For the sixth time in nine years, Minnesota was the second-healthiest state for children when evaluating rates of deaths, teen pregnancies, high school dropouts and child poverty, a new national ranking indicates.

Still, the Annie E. Casey Foundation's annual Kids Count report, released Monday, was hardly celebrated by child advocates in the state, who fear Minnesota's poverty rate -- higher than a decade ago -- could undermine its success.

Eleven percent of Minnesota children lived in poverty in 2008, a slight improvement from 12 percent in 2007 but up from 9 percent in 2000, according to the Kids Count data.

"Minnesota isn't doing very well compared to itself" a decade earlier, said Kara Arzamendia, research director for the Children's Defense Fund-Minnesota, which produced the local data for the national report. "We're not doing better by kids."

The state showed improvements since 2000 in its rates of infant mortality, child deaths, teen deaths, teen pregnancies and school dropouts. But Arzamendia said that increasing poverty threatens to pull those statistics in the wrong direction. Low family income can lead to unhealthy behaviors, deteriorating living conditions and an increase in crime, she said.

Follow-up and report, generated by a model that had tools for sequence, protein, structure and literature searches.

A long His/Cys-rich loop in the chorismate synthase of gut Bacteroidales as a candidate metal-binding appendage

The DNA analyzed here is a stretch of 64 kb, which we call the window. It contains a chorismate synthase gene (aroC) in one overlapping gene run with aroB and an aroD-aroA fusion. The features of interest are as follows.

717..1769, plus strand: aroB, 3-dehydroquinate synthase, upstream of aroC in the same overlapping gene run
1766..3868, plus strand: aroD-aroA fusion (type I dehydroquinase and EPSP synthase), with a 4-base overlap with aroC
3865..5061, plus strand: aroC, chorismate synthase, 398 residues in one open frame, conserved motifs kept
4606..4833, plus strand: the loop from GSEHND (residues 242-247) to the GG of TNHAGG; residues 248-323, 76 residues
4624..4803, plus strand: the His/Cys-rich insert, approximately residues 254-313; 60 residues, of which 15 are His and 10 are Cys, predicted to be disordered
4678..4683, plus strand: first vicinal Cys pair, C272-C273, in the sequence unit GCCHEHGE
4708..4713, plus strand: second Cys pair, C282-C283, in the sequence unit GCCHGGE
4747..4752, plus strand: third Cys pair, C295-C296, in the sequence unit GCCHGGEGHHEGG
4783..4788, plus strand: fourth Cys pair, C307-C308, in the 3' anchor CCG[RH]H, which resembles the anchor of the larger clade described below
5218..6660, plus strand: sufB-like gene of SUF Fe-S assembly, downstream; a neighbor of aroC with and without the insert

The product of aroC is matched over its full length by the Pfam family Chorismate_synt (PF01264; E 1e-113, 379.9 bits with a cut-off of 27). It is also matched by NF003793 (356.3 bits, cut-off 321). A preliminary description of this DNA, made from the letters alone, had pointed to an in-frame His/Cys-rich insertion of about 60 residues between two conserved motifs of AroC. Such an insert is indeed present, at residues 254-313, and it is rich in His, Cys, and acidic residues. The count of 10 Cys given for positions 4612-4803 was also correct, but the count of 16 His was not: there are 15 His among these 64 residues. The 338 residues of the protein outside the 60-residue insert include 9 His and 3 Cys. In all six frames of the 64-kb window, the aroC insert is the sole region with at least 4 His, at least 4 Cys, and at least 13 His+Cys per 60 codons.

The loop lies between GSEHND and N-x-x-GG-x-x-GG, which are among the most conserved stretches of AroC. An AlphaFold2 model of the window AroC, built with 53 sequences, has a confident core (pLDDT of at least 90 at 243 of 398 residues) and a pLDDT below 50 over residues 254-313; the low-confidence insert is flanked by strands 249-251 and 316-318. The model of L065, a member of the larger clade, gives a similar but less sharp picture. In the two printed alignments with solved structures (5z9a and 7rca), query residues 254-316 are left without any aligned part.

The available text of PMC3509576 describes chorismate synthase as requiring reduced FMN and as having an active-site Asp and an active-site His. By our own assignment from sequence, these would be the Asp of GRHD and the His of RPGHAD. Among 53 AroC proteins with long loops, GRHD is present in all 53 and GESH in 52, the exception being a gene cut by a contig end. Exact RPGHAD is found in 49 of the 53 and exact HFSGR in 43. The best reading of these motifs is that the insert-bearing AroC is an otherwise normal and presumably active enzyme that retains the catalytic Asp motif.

The fact that one in four children is now raised by a single parent won't help either, she said. "It comes down to simple economics. When you only have one income earner to rely on, that makes the family more vulnerable."

As with other child health indicators, Minnesota still fared better than most other states. Nationally, almost one in three children is raised by a single parent.

The state continued to show an increase in low birth weight babies. It dropped from third to ninth best in the nation.

Explanations for that trend include an increase in assisted reproduction such as in vitro fertilization, more women giving birth in their late 30s and 40s and a growing number of pregnant women with diabetes and hypertension. Poor diet and smoking have long been associated with low-birth-weight deliveries as well, but smoking rates have declined in Minnesota.

American Indian and African-American newborns continue to suffer higher rates of low and very low birth weights, the report said. That can lead to breathing problems, heart defects, impaired vision and other disorders.

Jeremy Olson • 612-673-7744